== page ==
In Part 1 we briefly looked at some documentation and references for quickly getting up to speed on OSMF. Now in Part 2 I want to touch on some different options the developer has regarding what classes to use to actually build their OSMF video player. The main difference in the various options has to do with choosing ease of coding and simplicity versus flexibility / player capabilities. One option is to use the VideoElement class. Video element makes it simple to connect to a video stream and instantiate a player:
var mediaPlayerSprite:MediaPlayerSprite = new MediaPlayerSprite();
var videoElement:VideoElement = new VideoElement();
var dynResource:DynamicStreamingResource = new DynamicStreamingResource("rtmp://cp67126.edgefcs.net/ondemand");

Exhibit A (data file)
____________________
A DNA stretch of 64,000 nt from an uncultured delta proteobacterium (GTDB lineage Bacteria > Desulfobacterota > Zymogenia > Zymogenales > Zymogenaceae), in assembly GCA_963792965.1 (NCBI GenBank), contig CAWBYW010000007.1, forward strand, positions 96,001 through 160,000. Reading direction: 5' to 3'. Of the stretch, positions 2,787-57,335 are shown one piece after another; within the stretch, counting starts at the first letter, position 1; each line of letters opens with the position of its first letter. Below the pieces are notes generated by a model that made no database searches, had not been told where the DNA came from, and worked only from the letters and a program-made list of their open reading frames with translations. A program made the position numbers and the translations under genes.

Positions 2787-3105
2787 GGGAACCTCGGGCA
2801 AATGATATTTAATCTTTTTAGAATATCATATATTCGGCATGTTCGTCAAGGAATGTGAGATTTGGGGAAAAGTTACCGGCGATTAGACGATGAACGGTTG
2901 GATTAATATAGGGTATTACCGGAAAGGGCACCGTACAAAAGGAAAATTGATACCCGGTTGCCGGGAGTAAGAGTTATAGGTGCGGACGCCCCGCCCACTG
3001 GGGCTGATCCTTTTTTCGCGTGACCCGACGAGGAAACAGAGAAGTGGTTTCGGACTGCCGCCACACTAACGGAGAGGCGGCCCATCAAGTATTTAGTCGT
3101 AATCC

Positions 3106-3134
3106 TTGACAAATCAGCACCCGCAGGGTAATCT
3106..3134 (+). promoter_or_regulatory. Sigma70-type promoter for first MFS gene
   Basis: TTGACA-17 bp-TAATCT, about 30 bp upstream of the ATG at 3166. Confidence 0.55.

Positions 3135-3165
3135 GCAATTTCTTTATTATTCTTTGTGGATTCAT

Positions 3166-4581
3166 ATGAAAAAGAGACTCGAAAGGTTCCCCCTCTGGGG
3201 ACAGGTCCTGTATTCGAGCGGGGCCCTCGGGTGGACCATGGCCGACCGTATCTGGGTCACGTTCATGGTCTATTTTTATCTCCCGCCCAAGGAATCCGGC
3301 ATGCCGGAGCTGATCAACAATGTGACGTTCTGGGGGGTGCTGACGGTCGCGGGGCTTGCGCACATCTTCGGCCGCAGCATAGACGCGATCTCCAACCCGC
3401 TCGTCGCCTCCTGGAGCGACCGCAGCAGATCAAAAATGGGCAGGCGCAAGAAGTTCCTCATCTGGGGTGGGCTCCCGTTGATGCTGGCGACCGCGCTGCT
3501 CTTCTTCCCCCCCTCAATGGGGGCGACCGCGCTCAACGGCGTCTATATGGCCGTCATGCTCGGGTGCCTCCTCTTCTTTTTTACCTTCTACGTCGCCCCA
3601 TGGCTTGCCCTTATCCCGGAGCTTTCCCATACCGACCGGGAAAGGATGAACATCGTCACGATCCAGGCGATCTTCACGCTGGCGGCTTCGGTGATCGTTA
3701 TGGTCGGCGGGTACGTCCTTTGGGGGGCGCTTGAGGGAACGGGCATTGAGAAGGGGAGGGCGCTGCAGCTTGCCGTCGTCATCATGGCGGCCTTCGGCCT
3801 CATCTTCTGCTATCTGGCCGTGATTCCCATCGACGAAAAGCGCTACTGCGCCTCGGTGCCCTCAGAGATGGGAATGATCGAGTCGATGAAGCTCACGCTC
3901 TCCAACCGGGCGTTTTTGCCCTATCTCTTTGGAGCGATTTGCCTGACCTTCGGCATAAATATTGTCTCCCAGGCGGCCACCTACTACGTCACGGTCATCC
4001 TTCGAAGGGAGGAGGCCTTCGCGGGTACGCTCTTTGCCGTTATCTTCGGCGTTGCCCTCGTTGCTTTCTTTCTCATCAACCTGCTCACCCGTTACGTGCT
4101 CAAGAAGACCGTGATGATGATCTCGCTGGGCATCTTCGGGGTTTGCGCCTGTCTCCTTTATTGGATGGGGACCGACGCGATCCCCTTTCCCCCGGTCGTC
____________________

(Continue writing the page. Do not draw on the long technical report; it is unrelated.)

dynResource.streamItems = Vector.<DynamicStreamingItem>(); //code shortened here; see the documentation for the full example
videoElement.resource = dynResource;
mediaPlayerSprite.media = videoElement;
The benefit of using VideoElement is it’s simple to instantiate, however it is also limited in that it can’t handle all types of media, such as a swf or a dynamic multi-bitrate stream. So, if you know exactly what media types your player is going to be handling, then VideoElement may be sufficient for your needs. But if you need your player to be a little smarter, and handle any type of media “automagically”, then you should look into abstracting your code a little more, such as by using DefaultMediaFactory (see the ASDOC for code example). DefaultMediaFactory will add a layer of abstraction, allowing your player to add the appropriate org.osmf.elements class depending on the media stream it receives, e.g. VideoElement vs. SWFElement vs. F4MElement, etc.